Here is an article from the Boulder Daily Camera on this. Here and here are other articles. We previously posted about this here, where you can see the actual bill. Matthew Campbell, a staff attorney with the Native American Rights Fund, testified on TEDNA’s behalf in support of the bill. You can see his testimony here. An excerpt:
Studies also show that the continued use of American Indian mascots is harmful to all students, not just American Indian students. Schools take on the role of educating and influencing students. By using American Indian mascots, schools are teaching students that stereotyping minority groups is an acceptable practice, further legitimizing discrimination against American Indians. These images perpetuate misrepresentations portraying American Indians as a “culture of people frozen in time.”For many non Indian students with little contact with Indigenous peoples, a mascot may be the only Indian encounter they have in their lives. Non-Indian students come to rely on these stereotypes to inform their own understanding of American Indians’ place in society, often times leading to discriminatory behavior.
Here is the save the date. The information:
With support of several local Indigenous Educational Organizations, the Michigan Tribal Education Directors (MTED) hope to foster relationships that provide direct contact with decision makers from all areas of education. Our goal is to strengthen the web of opportunity, both educationally and culturally, for all students currently being served in Michigan schools.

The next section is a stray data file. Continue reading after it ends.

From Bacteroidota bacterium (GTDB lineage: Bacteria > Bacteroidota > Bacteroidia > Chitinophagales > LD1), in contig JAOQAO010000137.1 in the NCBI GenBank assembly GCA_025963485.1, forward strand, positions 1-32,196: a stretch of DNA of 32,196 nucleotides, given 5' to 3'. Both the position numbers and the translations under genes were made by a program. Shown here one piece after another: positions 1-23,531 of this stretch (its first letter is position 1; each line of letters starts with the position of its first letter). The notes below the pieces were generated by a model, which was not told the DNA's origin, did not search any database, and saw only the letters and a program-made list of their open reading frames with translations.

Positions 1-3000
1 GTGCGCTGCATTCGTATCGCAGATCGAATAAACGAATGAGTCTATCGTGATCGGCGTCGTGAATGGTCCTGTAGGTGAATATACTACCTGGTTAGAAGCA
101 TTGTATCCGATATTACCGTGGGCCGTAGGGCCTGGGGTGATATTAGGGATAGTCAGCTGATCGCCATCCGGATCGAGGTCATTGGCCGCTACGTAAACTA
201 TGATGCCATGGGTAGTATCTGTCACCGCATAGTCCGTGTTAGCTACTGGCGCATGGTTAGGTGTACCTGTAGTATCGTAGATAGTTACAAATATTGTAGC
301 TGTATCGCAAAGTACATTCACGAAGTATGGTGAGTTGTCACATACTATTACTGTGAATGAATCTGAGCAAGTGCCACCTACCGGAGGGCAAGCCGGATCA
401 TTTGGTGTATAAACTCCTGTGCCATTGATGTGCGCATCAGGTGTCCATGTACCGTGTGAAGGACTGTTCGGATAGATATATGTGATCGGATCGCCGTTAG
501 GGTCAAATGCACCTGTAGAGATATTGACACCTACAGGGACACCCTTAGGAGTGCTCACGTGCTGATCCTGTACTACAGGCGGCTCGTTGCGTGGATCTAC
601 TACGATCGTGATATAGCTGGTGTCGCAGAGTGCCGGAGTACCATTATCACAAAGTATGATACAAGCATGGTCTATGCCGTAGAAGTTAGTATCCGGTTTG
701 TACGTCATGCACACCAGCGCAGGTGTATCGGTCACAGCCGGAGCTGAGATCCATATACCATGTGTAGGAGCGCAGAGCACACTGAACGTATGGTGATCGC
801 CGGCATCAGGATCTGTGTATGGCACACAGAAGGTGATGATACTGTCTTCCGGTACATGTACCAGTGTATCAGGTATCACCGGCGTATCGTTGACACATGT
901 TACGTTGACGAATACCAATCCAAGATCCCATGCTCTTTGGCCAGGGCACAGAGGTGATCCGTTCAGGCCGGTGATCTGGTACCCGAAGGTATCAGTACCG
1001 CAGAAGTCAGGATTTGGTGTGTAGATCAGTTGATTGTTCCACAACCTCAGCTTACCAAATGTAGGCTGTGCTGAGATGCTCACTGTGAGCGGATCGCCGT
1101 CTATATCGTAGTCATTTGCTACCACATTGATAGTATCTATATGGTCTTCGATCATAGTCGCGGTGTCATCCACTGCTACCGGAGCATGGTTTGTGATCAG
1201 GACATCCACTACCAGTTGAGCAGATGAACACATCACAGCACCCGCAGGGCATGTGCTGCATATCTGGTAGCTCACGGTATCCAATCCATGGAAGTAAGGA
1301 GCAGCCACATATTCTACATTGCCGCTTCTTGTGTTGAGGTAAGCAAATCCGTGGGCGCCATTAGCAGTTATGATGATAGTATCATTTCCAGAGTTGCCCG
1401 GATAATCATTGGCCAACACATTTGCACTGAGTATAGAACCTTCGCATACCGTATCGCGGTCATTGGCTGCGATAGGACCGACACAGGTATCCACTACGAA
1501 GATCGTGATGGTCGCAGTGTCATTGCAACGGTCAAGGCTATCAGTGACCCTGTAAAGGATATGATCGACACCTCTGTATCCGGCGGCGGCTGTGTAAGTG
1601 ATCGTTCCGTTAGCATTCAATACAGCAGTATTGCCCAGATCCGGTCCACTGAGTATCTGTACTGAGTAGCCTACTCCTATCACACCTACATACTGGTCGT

We strongly encourage both Native and non-Native stakeholders to Come, Learn, and Participate: Superintendents, Program Directors, Principals, Teachers, Counselors and Social Workers, Tribal Councils, Tribal Education Directors, Native Parents, Native Student Organizations and Tribal Colleges.
We hope to include you as we continue to strengthen partnerships in the new era of Native Education for all. Breakout sessions include implementing the most effective methodologies for teaching Native students including such topics as historical trauma and tribal sovereignty curriculum.
Whether you teach Native students, are a Native educator, or work for a government or non-profit education agency, you’ll leave the Educators Conference having fostered relationships and strengthened the web of opportunity—educational and cultural—for all students.
April 14 –16, 2015
Silver Creek Event Center
Four Winds Casino Resort
New Buffalo, Michigan
The Bureau of lndian Education (BIE) will be conducting consultation meetings to obtain oral and written comments on the restructuring of the BIE. The consultation meetings are a continuation of tribal consultations conducted by the Department of the Interior and the Department of Education in 2014.
DATES: See the SUPPLEMENTARY INFORMATION section of this document for dates of tribal consultation sessions. We will consider all comments received by May 15, 2015, 5:00 p.m., Eastern Daylight Time.
ADDRESSES: See the SUPPLEMENTARY INFORMATION section of this document for the locations of these tribal consultation sessions. Submit comments by mail or hand-deliver written comments to:
Jacquelyn Cheek, Special Assistant to the Director, Bureau of Indian Education
1849 C Street, NW, Mailstop 4657-MIB
Washington, DC 20240